Through frequent jumps on the timeline, we see how Luciana was a scribe for Kloster, whose works contain graphic sexual language. After claiming to misread her signals and attempting to kiss Luciana, the relationship between the writer and the scribe breaks down. However, a subsequent sexual harassment complaint from Luciana then lands up at Kloster’s residence and is seen by his depression-battling wife. When the author arrives home that night, he finds that his wife has killed their daughter and committed suicide. Realizing the tragedy was triggered by Luciana’s complaint, Kloster silently pays her the requisite legal settlement and becomes a shut-in.
Luciana feels bad and doesn’t cash Kloster’s settlement cheque. However, she is unable to stop thinking about him and is shocked to see him during a family vacation. A few hours later, her brother is found dead on the beach as a result of drowning. Luciana claims that Kloster is behind her brother’s death, but no one believes her. A few years later, her parents are mysteriously poisoned, and her father dies. The poisoning is attributed to wild mushrooms they had eaten, but, once again, Kloster’s hand seems to be in the crime.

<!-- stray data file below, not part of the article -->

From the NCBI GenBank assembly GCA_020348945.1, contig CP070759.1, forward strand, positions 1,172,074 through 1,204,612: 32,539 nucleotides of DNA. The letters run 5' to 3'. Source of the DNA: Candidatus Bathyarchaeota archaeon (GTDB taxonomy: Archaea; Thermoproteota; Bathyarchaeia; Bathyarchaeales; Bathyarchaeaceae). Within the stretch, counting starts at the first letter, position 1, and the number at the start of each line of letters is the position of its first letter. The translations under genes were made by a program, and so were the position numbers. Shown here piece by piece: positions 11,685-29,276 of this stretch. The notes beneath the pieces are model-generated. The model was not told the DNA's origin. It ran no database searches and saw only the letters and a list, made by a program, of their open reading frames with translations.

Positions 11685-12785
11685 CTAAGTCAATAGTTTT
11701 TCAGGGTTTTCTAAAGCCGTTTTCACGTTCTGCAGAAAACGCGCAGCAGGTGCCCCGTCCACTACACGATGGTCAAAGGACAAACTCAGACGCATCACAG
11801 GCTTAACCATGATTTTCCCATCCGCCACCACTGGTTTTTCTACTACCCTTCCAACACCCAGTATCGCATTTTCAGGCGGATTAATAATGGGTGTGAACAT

The Wrath of God Ending: Did Kloster Actually Kill Luciana’s Family?
One by one, Luciana’s family members die from a variety of causes until only she and her sister survive. Though Esteban begins to believe her, his own past dislike of Kloster is revealed, making his input on the matter moot. Petrified for her sister’s safety, Luciana doesn’t let Valentina out of her sight. However, the younger sister secretly makes contact with Kloster and interviews him, even getting an unreleased copy of his new book as a gift. When Luciana realizes that Kloster is in contact with her younger sister, she decides to confront him at his book launch.